Like I said, I’m not bothered by those comments. I haven’t internalized them and made them a part of my being. But I do think they illustrate some larger social issues, and they have absolutely coalesced and reinforced my own perspective on the importance of diversity and representation, and how we approach it, on my own blog.

Black preschoolers more likely to be suspended 

Black students are more likely to be suspended from U.S. public schools — even as tiny preschoolers. The racial disparities in American education, from access to high-level classes and experienced teachers to discipline, were highlighted in a report released Friday by the Education Department’s civil rights arm.

The suspensions — and disparities — begin at the earliest grades.

Black children represent about 18 percent of children enrolled in preschool programs in schools, but almost half of the students were suspended more than once, the report said. Six percent of the nation’s districts with preschools reported suspending at least one preschool child.

Continue reading

(Photo: Kathryn Scott Osler/The Denver Post/Getty Images)

Overlooked due to race, Melvin Morris receives belated military honor

Melvin Morris, 72, lives like a typical retiree on Florida’s coast. He spends his days leisurely by the water of Port St. John, reading the Bible, fishing and working on his boat. Then, almost a year ago, the retired salesman got a call from an Army colonel at the Pentagon who said a high government official needed to speak with him. Morris was told to stand by his telephone at 12:30 p.m. the next day.

The official was Barack Obama. The president apologized to Morris, and told him that he was presenting him with a Congressional Medal of Honor, which he should have received 44 years ago.

Continue reading

(Photo: America Tonight)

Nation’s largest African-American history museum at risk in Detroit

DETROIT — The tall woman in the leopard print gown and grove of dreadlocks flowing onto her shoulders had just moved the group through some of the grimmest moments in American history. She had walked her audience of local schoolchildren through the bowels of a replica slave ship, described in detail the horrors of the antebellum South, told of the journey through Jim Crow segregation and the brutal lynchings by the Ku Klux Klan.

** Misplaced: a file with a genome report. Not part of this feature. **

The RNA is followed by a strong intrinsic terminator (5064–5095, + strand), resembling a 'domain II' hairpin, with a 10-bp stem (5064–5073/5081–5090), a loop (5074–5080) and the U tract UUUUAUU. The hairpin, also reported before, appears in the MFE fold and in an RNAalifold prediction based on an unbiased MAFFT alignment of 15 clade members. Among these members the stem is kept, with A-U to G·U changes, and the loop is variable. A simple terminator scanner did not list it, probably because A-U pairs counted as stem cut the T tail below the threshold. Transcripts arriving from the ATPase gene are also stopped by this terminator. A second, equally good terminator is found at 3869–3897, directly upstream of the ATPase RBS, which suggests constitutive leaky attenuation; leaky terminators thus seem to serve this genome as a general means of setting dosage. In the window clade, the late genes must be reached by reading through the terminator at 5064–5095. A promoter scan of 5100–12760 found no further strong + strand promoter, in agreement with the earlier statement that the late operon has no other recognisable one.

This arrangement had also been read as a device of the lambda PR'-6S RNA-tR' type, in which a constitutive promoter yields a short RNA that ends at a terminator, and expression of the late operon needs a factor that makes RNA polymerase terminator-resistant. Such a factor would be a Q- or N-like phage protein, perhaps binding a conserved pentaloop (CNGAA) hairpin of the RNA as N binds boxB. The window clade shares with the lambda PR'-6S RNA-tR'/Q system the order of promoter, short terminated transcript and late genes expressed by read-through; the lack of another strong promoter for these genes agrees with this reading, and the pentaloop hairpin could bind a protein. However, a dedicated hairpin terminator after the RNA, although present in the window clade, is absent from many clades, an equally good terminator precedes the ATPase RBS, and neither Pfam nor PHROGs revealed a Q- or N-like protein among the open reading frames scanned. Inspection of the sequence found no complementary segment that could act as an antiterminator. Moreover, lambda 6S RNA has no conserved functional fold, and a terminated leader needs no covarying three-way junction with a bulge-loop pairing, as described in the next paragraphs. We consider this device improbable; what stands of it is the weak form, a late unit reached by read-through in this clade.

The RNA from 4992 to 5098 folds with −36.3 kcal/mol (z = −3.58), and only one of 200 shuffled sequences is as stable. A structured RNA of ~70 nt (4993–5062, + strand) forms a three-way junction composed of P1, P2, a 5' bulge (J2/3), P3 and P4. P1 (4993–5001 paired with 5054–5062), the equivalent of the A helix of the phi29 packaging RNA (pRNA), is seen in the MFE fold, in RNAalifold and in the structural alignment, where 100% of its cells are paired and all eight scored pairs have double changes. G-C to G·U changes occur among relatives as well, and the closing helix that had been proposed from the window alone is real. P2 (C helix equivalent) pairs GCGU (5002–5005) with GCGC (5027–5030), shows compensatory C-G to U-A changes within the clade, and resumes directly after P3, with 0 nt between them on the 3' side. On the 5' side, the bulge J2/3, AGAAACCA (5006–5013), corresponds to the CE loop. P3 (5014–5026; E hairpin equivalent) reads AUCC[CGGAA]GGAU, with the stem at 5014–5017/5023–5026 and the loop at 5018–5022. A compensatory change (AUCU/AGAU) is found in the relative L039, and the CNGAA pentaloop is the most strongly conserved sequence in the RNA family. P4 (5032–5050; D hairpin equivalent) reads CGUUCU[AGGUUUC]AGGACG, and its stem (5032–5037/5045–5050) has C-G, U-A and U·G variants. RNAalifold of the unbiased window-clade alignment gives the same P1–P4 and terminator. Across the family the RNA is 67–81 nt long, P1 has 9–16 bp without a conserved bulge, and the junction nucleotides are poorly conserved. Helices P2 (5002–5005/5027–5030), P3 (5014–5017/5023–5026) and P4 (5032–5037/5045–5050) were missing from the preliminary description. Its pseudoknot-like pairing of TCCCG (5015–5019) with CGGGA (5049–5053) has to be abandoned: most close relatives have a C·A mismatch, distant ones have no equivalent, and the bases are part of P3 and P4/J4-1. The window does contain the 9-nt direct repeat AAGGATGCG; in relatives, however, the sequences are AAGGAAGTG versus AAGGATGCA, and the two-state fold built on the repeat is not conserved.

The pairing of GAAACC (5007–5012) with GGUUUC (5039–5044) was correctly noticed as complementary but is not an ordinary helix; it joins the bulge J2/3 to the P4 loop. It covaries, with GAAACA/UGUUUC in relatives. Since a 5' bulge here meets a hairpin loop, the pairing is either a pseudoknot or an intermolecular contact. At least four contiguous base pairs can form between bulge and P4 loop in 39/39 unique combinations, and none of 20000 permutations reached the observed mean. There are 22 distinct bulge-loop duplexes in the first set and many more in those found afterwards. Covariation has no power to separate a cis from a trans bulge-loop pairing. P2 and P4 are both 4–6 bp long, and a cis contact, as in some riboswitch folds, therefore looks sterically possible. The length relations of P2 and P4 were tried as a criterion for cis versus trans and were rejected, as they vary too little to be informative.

“And every time, the African-American people survived,” she exclaimed. “They would say, ‘We shall overcome!’ And they always did!”

The docent might have been speaking hopefully about the challenge facing not black America but her own imperiled institution, the Charles H. Wright Museum. The Wright, the nation’s largest museum of African-American history, waits anxiously to see whether bankrupt Detroit will be able to provide any funding in the coming budget cycle.

Read more

(Photo: Jeffrey Smith for Al Jazeera America)

All you armchair (and real) historians, educators, upstanding citizens and cool people out there. Help Code Switch annotate the Civil Rights Act of 1964!

You can highlight stuff you didn’t know about it, things you find fascinating, interesting historical context and the influence and echoes of the act today…or anything else that you think is cool!

Also find it on our Twitter and Facebook

Instructions are in the document, happy Monday! 

Image source: Getty Images